12. I hear you. I just think that describing a basic fact about the kid (or in my experience, granny, graddad, dog) would have helped the responding team.It's not about judging, it's about learning (for me, and maybe for other posters, I cannot guess) and your posts have brought your POV to the fore – for which, thanks. :o)

  13. That is skillful – I hope that you pass that method on to people dealing with the same situation, because you have really thought that out, and that knowledge and usefullness shouldn't be wasted.Is there a website that offers this kind of thing?

  14. Cool.Is the only appropriate response to this!

    Well done, you're a credit to womankind! (guessing gender from screenname, apologies if not, etc….!)

  15. As a first aider doing public duties, one of my usual questions to parents/carers is “what is he/she usually like when he/she is ill/unwell/has hurt her/himself?” because this helps you decide how much to worry.

  16. Tom, it's a phenomenon that usually occurs in the higher echelons of corporate management, one which I have identified and named: information by osmosis.The theory of IBO is that information is telepathically transferred by the information giver to the information receiver merely by standing next to them. In the corporate world, senior managers seem the believe that by passing their underlings in the corridor or on the way to the director's canteen. Information is transferred to their subordinates. Workers are then questioned later only to be met with blank stares at which manager goes apoplectic because you are supposed to know everything he knows.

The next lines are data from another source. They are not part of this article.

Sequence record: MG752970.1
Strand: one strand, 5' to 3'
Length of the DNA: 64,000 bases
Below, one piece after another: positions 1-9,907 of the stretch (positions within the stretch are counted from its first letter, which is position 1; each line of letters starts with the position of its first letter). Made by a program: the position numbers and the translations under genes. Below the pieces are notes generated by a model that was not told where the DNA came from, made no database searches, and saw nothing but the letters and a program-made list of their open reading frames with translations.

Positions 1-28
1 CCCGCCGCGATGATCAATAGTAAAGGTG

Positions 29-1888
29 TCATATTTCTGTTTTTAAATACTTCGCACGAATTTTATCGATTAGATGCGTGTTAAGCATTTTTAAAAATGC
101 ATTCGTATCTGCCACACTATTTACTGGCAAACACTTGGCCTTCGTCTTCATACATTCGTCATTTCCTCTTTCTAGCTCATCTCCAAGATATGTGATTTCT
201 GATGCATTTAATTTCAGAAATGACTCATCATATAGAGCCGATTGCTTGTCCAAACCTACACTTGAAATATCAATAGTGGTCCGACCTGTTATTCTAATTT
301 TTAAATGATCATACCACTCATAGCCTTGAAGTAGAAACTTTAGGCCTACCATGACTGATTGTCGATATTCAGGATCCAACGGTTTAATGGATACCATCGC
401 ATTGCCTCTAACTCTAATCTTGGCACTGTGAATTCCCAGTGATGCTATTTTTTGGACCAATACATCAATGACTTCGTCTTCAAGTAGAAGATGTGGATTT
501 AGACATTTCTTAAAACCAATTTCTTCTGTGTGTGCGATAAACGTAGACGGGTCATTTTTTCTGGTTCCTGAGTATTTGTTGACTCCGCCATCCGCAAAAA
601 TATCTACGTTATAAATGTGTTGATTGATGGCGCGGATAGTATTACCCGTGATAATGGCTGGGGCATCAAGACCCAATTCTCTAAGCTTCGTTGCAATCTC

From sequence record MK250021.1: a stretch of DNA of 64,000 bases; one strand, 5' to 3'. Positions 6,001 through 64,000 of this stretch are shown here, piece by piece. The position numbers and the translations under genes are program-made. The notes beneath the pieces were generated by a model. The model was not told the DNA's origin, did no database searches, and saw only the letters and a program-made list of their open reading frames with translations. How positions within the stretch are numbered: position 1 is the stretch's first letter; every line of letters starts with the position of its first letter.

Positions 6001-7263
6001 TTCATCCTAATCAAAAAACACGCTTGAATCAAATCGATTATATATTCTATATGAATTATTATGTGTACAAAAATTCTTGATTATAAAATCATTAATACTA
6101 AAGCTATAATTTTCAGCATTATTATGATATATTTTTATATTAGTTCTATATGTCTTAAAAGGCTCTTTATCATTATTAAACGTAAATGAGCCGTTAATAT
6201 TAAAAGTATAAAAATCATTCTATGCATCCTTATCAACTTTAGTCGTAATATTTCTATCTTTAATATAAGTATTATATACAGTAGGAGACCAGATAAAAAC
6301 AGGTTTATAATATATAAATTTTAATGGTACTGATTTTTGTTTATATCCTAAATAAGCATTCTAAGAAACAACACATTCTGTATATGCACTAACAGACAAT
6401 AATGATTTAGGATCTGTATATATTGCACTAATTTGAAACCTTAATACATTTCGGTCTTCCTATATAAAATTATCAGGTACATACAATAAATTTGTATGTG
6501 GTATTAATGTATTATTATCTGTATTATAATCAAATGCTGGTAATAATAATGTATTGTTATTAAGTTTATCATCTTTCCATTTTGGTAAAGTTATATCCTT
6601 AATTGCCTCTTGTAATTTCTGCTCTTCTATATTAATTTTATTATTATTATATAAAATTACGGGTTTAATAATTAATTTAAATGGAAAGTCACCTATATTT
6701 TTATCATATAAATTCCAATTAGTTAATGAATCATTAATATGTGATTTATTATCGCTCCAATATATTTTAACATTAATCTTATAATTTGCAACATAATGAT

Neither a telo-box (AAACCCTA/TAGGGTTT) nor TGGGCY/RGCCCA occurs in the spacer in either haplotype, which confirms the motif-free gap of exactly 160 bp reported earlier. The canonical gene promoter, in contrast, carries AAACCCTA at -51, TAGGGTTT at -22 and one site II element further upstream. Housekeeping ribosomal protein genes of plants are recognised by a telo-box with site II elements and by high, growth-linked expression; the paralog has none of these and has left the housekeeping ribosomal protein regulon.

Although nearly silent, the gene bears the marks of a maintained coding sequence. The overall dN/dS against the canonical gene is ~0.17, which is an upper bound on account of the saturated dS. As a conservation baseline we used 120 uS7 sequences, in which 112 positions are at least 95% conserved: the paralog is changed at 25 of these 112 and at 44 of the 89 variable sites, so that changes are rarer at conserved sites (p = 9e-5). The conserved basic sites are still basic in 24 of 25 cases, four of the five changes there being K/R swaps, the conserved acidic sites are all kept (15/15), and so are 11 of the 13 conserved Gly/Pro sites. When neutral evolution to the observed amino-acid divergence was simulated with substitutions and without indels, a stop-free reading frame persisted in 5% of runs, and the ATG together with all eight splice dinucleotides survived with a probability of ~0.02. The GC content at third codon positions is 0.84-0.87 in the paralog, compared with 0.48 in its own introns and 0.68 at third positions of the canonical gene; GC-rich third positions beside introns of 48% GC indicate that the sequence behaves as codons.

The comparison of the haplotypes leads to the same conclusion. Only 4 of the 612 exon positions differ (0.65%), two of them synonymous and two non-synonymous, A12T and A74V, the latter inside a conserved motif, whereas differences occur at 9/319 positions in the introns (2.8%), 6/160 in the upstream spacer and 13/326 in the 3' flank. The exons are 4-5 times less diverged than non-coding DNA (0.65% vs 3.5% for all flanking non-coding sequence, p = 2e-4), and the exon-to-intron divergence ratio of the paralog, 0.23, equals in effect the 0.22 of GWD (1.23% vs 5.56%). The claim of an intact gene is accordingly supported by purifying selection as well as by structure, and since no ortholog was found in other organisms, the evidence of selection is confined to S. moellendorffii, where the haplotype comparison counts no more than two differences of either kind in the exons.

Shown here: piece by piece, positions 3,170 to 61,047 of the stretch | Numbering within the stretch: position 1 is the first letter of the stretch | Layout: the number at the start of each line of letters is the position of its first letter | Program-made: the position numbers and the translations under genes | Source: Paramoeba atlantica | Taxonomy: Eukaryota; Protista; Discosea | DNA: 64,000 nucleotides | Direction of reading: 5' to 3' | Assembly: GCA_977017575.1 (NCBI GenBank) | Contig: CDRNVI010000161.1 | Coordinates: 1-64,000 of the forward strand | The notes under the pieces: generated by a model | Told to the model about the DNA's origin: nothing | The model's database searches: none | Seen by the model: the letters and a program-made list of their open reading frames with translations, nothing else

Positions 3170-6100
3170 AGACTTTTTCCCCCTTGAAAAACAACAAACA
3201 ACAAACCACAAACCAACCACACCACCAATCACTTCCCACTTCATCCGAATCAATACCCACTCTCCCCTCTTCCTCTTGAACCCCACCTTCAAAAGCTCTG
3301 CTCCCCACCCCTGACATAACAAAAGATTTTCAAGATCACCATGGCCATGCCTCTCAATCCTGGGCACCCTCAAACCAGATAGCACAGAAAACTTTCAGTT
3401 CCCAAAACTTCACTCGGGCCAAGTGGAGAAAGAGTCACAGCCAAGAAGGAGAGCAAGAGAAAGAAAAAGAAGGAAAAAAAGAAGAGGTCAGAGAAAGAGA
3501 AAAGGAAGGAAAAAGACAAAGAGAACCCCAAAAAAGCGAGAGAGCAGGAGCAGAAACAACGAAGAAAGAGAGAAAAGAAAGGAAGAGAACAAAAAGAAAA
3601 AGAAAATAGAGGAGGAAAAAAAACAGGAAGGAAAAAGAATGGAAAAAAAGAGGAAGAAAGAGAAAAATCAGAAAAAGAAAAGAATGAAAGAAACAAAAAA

I'm sure this principle applies in the NHS and LAS.

  17. Haaaa, I am indeed a woman (typed girl first, still feel 15 in my head!). Even at 26 my first instinct in a crisis is to call my mum and dad but not till I've had a good stab at fixing it myself! First time I changed a tyre on my car I had the manual out and was there on the pavement, following the instructions, lol.